The model type 2 surprisingly revealed a maximum loudness value of 118 sones to the user’s right ear at the maximum speed setting S2. A second highest perceived sound intensity was observed at the user’s right ear but in the minimum rotation speed setting S1 (Figure 4a). The other two microphones, C1 and C3, have a slight variation in their loudness values in both speed settings. Furthermore, as shown in (Figure 4b), the sharpness value for the C3 microphone was the lowest over the period at lower speed setting S1, while for the right ear microphone C2, the sharpness value was higher than that of C1 except for few periods. A similar trend was observed at a higher speed setting S2. Since the user had kept the vacuum cleaners on the right hand during the operation, the lower sharpness value for the left ear’s C3 microphone may be attributed to the lower sharpness value. Moreover, there was no statistically significant difference in roughness values between each configuration (Figure 4c). The user’s right ear microphone attained the slightly higher roughness value of recorded sound at both speed settings. Since the roughness varies with time, it may be possible that the variation with time had a more significant effect than the difference in motor speed and recording position (listening position) compared to other psychoacoustic parameters.
Similarly, as shown in Figure 4d, the fluctuation strength values were not significantly dependent on the microphone positions. However, some variations in measured values were observed with time. Their difference in fluctuation strength was within 0.25 vacil.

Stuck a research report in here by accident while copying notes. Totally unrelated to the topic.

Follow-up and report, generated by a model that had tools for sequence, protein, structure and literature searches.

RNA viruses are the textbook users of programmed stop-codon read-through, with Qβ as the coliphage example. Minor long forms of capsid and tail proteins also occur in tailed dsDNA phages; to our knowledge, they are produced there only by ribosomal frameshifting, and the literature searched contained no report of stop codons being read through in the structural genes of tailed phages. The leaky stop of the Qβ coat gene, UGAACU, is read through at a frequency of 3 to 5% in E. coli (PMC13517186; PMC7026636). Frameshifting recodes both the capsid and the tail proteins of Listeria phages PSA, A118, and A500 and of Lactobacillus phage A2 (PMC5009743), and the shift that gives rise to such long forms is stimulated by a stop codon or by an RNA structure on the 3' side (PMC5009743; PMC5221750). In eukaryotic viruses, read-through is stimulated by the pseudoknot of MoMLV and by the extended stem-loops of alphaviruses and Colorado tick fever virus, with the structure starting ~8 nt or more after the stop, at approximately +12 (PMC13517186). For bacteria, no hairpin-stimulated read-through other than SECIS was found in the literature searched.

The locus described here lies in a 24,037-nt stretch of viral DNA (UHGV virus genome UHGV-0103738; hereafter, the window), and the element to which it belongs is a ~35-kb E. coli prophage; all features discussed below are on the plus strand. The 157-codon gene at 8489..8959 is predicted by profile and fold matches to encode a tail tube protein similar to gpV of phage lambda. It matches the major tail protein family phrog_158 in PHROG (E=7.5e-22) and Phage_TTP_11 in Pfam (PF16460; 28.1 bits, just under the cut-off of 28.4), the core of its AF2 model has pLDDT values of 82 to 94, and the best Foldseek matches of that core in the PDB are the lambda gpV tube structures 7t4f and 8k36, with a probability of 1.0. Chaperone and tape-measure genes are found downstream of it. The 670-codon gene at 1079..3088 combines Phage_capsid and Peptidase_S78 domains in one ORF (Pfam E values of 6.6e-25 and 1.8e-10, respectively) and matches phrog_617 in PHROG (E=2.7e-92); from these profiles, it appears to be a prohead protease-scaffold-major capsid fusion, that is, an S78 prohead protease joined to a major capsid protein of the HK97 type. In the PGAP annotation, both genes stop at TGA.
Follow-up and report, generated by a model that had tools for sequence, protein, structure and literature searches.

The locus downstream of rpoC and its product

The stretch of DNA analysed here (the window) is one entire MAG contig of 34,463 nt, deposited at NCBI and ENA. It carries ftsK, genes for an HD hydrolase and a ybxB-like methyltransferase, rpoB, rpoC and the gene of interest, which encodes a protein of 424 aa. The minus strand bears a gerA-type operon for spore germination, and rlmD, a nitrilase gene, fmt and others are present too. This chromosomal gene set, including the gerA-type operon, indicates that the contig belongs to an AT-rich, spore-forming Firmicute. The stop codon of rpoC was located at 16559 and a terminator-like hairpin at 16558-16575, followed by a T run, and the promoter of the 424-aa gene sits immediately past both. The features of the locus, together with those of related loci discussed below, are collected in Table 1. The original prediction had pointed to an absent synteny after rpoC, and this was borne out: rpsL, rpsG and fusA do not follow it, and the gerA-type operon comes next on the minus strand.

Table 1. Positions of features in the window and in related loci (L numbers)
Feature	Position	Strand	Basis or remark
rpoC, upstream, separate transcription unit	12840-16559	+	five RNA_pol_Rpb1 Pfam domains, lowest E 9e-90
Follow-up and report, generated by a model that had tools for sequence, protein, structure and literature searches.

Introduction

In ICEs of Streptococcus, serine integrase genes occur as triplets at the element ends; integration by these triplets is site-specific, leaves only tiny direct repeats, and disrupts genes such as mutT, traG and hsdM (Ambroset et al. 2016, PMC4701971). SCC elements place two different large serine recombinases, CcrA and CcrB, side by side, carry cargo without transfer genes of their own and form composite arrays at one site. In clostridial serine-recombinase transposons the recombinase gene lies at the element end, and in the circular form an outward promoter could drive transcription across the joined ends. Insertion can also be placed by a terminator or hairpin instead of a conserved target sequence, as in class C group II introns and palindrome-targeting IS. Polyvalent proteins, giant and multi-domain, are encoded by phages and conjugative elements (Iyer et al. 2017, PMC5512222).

For the third vacuum cleaner system (model type 3), the highest loudness value of 78 sones is recorded in C2 for both speed settings (Figure 5a). It can be observed that the sound intensity perceived by the user’s right ear C2 is higher than by the left ear C3 and surrounding occupants C1 regardless of the equipment types and speed settings. For sharpness values, the occupant’s microphone C1 was perceived to be the highest among all microphones at each set (Figure 5b). While for the right and left ear microphones, the sharpness values were not significantly different. However, some significant peaks could be observed at several periods.
Similarly to the model type 2 vacuum cleaners, the roughness (Figure 5c) and fluctuation strength (Figure 5d) depended on the operation time for the model type 3 system. These parameters did not deviate much between different locations and speeds, indicating that they have close amplitude variations.

4.3. Comparative Analysis

Figure 6 presents the comparative results of psychoacoustics parameters for three vacuum cleaners. As shown from Figure 6a, model type 1 produced the highest loudness for the surrounding occupants C1 (41.5 sone), followed by model type 2 (36.7 sone) and model type 3 (17.6 sone) at the maximum and the minimum settings. In addition, the loudness captured at the right-side ear mic C2 was higher than the left ear mic C3. Since the vacuum cleaner was operating on the user’s right hand (Figure 1a), the person’s body might obstruct the path of the sound wave in reaching the left ear. The most substantial loudness impact towards the user’s right ear resulted from model type 2 at the maximum setting (C2S2) with a value of 110 sone.
Loudness is the psychological counterpart to sound pressure level. The sound pressure level is a physical quantity perceived by the microphones, whereas loudness is a psychological quantity perceived by humans. As shown from the loudness spectra, the average loudness values sensed by the right ear for model type 1 and model type 2 vacuum cleaners were higher irrespective of multiple speed ratings. Hence, these vacuum cleaners could be considered as the loudest among them.